Note: Urinating more often is not a side effect; it is the intended result of the diuretic.


Digitalis strengthens each heartbeat, allowing the heart to pump more blood. This may improve your loved one’s ability to exercise. Prescribed as digoxin or Lanoxin, digitalis is taken daily by many heart patients.

Possible side effects of digitalis include:

  • Nausea
  • Loss of appetite
  • Diarrhea
  • Mental confusion
  • Blurred or yellow-colored vision
  • Rapid, forceful heartbeat (palpitations)


This drug widens blood vessels, easing blood flow.

Possible side effects of hydralazine include:

  • Headaches
  • Rapid heartbeat
  • Joint pain


Nitrates (usually nitroglycerin and isosorbide) increase blood flow to the heart muscle and make it easier for the heart to work. Nitrates can relieve most anginal discomfort very quickly. Nitrates are taken either as tablets placed under the tongue, tablets that are swallowed, a patch worn on the skin, or a cream applied to the skin.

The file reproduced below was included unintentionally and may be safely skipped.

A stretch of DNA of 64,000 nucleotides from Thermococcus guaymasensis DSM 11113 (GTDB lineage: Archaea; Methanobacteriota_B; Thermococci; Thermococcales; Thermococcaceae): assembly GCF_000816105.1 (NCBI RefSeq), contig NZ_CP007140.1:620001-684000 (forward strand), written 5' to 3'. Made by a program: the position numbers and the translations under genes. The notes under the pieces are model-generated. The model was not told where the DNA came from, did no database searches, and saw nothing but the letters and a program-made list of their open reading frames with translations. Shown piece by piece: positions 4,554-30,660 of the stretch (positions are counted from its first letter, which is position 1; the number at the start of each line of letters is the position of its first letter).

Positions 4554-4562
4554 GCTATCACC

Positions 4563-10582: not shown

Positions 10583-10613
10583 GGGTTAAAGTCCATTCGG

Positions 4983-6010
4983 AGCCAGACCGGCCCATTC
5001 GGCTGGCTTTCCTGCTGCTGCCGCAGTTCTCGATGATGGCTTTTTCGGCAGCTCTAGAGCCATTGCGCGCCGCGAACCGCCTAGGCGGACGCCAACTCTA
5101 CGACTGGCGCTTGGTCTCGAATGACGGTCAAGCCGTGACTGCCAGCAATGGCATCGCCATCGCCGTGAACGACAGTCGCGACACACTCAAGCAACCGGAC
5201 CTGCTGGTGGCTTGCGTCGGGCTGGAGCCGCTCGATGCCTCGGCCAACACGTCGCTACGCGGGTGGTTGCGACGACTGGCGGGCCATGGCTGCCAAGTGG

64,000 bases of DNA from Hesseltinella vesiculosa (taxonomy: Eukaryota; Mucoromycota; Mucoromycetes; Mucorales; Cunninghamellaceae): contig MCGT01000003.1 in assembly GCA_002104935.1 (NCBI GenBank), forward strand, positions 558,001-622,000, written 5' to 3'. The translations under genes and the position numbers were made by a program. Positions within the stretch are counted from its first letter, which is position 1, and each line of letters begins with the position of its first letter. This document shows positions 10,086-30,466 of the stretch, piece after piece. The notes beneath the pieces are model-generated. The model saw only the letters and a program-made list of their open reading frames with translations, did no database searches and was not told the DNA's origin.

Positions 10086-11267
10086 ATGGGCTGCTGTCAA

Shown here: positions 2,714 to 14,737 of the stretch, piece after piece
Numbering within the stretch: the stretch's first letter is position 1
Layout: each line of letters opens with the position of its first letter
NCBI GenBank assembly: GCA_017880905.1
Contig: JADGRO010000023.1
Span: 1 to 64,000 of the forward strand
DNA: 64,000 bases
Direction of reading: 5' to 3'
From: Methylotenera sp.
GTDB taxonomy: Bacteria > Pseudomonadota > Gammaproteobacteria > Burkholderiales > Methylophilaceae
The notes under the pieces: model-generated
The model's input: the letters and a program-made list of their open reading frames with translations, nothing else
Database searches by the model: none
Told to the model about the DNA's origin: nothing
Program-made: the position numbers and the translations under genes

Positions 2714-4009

Nitrate tablets, cream, and patches all have a limited shelf life. Ask your pharmacist to explain the expiration dates for nitrates. Nitrate cream and patches are for maintenance therapy only. If your loved one is using a nitrate patch or cream, he or she should still use nitrate tablets if he or she has anginal discomfort.

Your loved one should take one nitroglycerin tablet as soon as he or she feels any anginal discomfort, or chest pain. If the discomfort does not go away in 5 minutes, he or she should take a second tablet. If the discomfort does not go away after 5 more minutes, take a third tablet. If the discomfort has not gone away after taking three nitrate tablets in 15 minutes, your loved one should go to the hospital immediately. Persistent discomfort that doesn’t go away could be a sign that your loved one is having a heart attack.